by Staff Writers
Seoul (AFP) July 22, 2010
China will play the key role in curbing North Korean aggression despite US efforts to change Pyongyang's behaviour with sanctions and a show of military strength, analysts said Thursday.
In a strong demonstration of solidarity with their South Korean ally over the sinking of a warship, top US officials in a visit this week announced new sanctions and a major naval exercise designed to deter the North.
South Korea and the United States, citing the results of a multinational investigation, accuse the North of torpedoing the Cheonan corvette in March with the loss of 46 lives.
Pyongyang angrily denies any involvement.
US Secretary of State Hillary Clinton said Wednesday the sanctions aimed to pressure Pyongyang and stop the regime bankrolling its atomic programme or spreading nuclear arms.
And Defense Secretary Robert Gates said there were some signs of possible further provocations following the Cheonan attack, "as the succession process gets under way in the North".
Ailing leader Kim Jong-Il, 68, is widely reported to be preparing to name his youngest son as eventual successor.
Some analysts said the joint South Korea-US war games starting Sunday -- involving 20 ships, 200 planes and 8,000 military personnel -- could be a deterrent.
But most saw China's role as more important -- to ensure the effectiveness of the new sanctions against its wayward ally and to deter provocations.
The North's existing economic woes would also discourage adventurism.
Washington acknowledged the role of Beijing, which keeps Pyongyang's foundering economy afloat.
"We will be consulting with China (on) what we think (are) additional steps that it can take," said State Department spokesman Philip Crowley.
Korea University professor Yoo Ho-Yeol said he expects no further serious attacks on the South for a while.
"North Korea is now in a dire situation economically," he told AFP. "So it may not want a further escalation of tensions around the peninsula and will be under pressure from China."
Pyongyang has had years of practice outsmarting US and UN sanctions.
"In order for the new sanctions to work powerfully, the United States must cooperate with China, which will be unlikely to support the US action," said Yang Moo-Jin of Seoul's University of North Korean Studies.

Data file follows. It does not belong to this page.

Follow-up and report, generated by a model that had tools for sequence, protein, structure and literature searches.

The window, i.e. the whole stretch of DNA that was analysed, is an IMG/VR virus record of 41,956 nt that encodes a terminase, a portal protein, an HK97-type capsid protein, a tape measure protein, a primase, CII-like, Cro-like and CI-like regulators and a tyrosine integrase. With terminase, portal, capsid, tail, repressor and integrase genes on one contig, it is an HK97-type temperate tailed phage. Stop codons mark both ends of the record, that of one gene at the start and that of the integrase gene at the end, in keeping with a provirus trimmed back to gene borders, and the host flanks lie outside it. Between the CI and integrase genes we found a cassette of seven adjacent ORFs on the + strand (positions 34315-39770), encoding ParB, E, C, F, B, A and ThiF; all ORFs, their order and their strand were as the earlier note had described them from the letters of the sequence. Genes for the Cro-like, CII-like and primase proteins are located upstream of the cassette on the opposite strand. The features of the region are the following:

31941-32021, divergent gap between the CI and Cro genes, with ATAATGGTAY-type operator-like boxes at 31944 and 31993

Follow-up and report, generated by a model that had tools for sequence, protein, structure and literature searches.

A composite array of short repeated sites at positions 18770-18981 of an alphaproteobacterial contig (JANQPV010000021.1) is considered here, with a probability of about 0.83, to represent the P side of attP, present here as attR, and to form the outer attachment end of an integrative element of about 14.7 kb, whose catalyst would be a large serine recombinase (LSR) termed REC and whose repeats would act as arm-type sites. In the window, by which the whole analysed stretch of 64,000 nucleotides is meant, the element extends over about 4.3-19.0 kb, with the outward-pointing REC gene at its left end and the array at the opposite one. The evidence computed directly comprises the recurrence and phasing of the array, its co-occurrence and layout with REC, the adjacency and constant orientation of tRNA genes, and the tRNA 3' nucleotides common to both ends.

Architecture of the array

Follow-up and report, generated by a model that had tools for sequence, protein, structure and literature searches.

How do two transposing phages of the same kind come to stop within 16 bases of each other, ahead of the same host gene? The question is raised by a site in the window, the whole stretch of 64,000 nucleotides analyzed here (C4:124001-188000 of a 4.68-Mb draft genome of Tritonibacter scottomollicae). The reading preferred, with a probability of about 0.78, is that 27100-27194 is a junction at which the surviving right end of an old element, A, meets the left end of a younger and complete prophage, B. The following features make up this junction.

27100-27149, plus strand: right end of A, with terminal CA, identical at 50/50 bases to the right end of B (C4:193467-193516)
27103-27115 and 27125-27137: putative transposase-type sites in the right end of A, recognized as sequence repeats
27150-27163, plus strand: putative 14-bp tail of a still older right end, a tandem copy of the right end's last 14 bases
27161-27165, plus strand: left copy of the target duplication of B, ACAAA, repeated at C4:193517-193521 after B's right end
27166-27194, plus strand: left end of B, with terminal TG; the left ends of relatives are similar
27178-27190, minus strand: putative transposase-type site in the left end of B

Large-scale military drills would also not deter provocations, Yang said, but the chances of attacks on South Korea were slim.
"North Korea has enough problems at home. And it would be difficult for it to push ahead with military provocations without approval from China, which would hardly agree with such acts of raising tension."
Kim Yong-Hyun of Seoul's Dongguk University said new sanctions could cause the North stress. But neither these nor the war games would be likely to change its behaviour.
Attacks on the South were, however, unlikely since the North was "looking for an exit strategy" from the Cheonan incident.
Not all analysts accept the North's guilt. Those who do believe North Korea torpedoed the Cheonan say the succession issue may have provided a motive.
The military could also have wanted revenge for the damage it suffered in last November's inter-Korean naval clash, said Daniel Pinkston, Northeast Asia deputy project director for the International Crisis Group think-tank.
"The sinking also sends an internal signal of ruthlessness on the leadership's part," he told AFP. "If it is willing to risk war, it would have no problem using deadly violence against anyone plotting a coup or resisting the succession plans."
China's cooperation in implementing the new sanctions would be "absolutely crucial," Pinkston said.
The war games would remind the North's military "of the kind of force the US can project and that they cannot win any full-scale military conflict."
While the drills could boost Pyongyang's hardliners, the US and South Korea must respond to the sinking, Pinkston said.
"It doesn't get much more serious than sinking a naval vessel. If you don't respond to that with a show of force, when will you?"
Learn about nuclear weapons doctrine and defense at SpaceWar.com
Learn about missile defense at SpaceWar.com
All about missiles at SpaceWar.com
Learn about the Superpowers of the 21st Century at SpaceWar.com
|The content herein, unless otherwise known to be public domain, are Copyright 1995-2014 - Space Media Network. AFP, UPI and IANS news wire stories are copyright Agence France-Presse, United Press International and Indo-Asia News Service. ESA Portal Reports are copyright European Space Agency. All NASA sourced material is public domain. Additional copyrights may apply in whole or part to other bona fide parties. Advertising does not imply endorsement,agreement or approval of any opinions, statements or information provided by Space Media Network on any Web page published or hosted by Space Media Network. Privacy Statement|